Cryo electron microscopy next big thing in drug target discovery

Cryo- electron microscopy is a form of transmission electron microscopy where sample is analyzed at cryogenic temperature, this technique enable researcher to visualize potential drug target sites on proteins/enzymes with higher resolution in contrast to X-ray crystallography which require crystallization of specimen and however not all proteins can be crystallized easily, and those that do crystallize may not display the same shape that is present in their natural environment, either since the protein shape can be modified by crystallization additives or by the contacts that form between neighboring proteins within the crystal lattice.

Cancer cells require continuous nutrients supply  which they maintain by altering activation rate of key metabolic enzymes like mitochondrial enzymes pyruvate carboxylase and glutaminase, the expression of these enzymes increases several folds in lung cancer patients. Hence targeting metabolic enzymes is another form of cancer treatment but success story relies on clear idea about potential target sites on these enzymes for drugs to act on and CRYO-EM can be answer to this problem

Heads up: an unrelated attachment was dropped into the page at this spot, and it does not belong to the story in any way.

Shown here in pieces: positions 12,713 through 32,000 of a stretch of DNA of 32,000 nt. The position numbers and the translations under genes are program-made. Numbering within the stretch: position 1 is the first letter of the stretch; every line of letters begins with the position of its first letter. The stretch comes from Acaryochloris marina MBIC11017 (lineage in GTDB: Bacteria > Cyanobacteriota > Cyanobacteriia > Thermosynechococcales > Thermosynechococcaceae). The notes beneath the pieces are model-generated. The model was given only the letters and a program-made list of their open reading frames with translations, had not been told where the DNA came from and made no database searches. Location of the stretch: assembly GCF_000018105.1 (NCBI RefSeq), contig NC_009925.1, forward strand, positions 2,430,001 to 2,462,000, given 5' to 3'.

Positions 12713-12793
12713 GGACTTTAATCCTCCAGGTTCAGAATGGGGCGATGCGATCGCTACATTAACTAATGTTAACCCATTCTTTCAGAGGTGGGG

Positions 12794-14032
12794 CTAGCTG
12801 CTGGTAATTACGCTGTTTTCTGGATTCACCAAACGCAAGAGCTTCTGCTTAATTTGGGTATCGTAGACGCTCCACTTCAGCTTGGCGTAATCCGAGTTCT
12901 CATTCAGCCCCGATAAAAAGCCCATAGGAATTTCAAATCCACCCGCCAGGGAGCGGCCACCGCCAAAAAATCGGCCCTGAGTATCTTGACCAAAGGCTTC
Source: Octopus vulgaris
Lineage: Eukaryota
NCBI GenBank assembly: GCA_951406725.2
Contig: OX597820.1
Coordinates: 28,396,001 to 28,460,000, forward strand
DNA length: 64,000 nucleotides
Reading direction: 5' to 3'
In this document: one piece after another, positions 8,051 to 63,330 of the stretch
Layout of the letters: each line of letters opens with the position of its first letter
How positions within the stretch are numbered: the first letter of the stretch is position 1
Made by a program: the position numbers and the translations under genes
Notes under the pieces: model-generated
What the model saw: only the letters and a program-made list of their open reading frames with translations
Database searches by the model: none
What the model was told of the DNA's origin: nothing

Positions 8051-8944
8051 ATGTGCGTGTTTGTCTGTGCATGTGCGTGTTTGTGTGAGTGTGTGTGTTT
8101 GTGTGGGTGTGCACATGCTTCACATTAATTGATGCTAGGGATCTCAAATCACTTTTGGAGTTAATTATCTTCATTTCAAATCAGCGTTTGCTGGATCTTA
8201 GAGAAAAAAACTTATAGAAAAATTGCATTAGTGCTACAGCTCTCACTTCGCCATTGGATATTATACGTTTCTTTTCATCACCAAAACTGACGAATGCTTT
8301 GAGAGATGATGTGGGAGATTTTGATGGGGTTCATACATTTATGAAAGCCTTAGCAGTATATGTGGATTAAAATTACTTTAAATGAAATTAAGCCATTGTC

Improved resolution of atomic details of proteins from left to right by advances in cryo-EM technology 

Researchers  were able to capture images of glutamate dehydrogenase, an enzyme found in cells, at a resolution of 1.8 angstroms, a level of detail at which the structure of the central parts of the enzyme could be visualized in atomic detail. The scientists from the National Cancer Institute (NCI), part of the National Institutes of Health, and their colleagues also reported achieving another major milestone, by showing that the shapes of cancer target proteins too small to be considered within the reach of current cryo-EM capabilities can now be determined at high resolution.Two of the small proteins the researchers imaged in this new study, isocitrate dehydrogenase (IDH1) and lactate dehydrogenase (LDH), are active targets for cancer drug development. Mutations in the genes that code for these proteins are common in several types of cancer. Thus, imaging the surfaces of these proteins in detail can help scientists identify molecules that will bind to them and aid in turning the protein activity off.